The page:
The discourse particle wal in Yucatec Maya: a decompositional approach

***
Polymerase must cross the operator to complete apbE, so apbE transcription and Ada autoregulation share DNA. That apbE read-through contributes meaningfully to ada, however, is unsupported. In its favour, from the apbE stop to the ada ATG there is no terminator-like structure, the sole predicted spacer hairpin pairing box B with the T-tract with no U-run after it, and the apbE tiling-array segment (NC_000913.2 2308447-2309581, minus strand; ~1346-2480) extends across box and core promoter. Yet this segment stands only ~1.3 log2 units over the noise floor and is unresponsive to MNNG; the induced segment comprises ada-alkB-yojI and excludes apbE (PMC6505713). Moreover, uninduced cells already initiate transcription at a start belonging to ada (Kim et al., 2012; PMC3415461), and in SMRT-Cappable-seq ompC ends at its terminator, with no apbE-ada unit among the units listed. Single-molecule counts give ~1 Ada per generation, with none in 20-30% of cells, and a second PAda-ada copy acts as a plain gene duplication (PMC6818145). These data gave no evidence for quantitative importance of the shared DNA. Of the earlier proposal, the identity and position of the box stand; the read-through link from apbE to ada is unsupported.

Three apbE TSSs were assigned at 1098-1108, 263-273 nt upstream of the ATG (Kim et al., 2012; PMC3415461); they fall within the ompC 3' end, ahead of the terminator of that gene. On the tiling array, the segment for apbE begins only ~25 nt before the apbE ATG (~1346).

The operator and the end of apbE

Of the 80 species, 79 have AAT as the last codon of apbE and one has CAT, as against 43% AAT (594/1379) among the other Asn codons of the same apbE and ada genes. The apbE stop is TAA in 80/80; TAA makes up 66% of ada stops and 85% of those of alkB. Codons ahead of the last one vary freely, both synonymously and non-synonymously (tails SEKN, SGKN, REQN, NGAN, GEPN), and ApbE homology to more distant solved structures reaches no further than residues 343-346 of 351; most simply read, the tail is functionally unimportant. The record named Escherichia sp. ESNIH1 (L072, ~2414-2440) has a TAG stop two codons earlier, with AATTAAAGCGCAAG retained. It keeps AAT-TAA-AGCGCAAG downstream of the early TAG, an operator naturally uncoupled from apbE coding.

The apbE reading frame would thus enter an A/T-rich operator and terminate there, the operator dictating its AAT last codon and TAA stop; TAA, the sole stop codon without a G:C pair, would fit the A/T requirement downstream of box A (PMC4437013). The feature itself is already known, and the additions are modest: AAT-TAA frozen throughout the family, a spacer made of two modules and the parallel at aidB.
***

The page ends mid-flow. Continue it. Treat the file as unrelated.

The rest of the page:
Dating back to the philosopher David Lewis, it has been common to think of discourse in terms of a shared “scoreboard” comprising various information about who has said what, what things we know, what our goals are, etc. Discourse particles are elements in sentences which intuitively do not contribute to the content of sentences in which they occur, but rather make reference to the discourse scoreboard itself (e.g. English oh; German ja, doch; Japanese yo, ne). They thus provide a unique lens into understanding the structure of the discourse scoreboard and the ways in which speakers’ utterances interact with it. In this talk, I focus on one particular discourse particle, wal, in Yucatec Maya (an indigenous language of Mexico). Wal serves many seemingly quite different functions. In declaratives, it conveys uncertainty in some cases, but a warning or threat in others. In imperatives, it does two seemingly opposite things: “softening” an imperative to a permission or offer in some cases, and, again, conveying a warning or threat in others. I develop an analysis in which wal has a uniform meaning, serving to highlight a decision problem the hearer faces following the speaker’s turn. The various functions of wal, then, are argued to arise from the interaction of this meaning with intonation, aspects of the utterance in which it occurs, and reasoning based on world knowledge.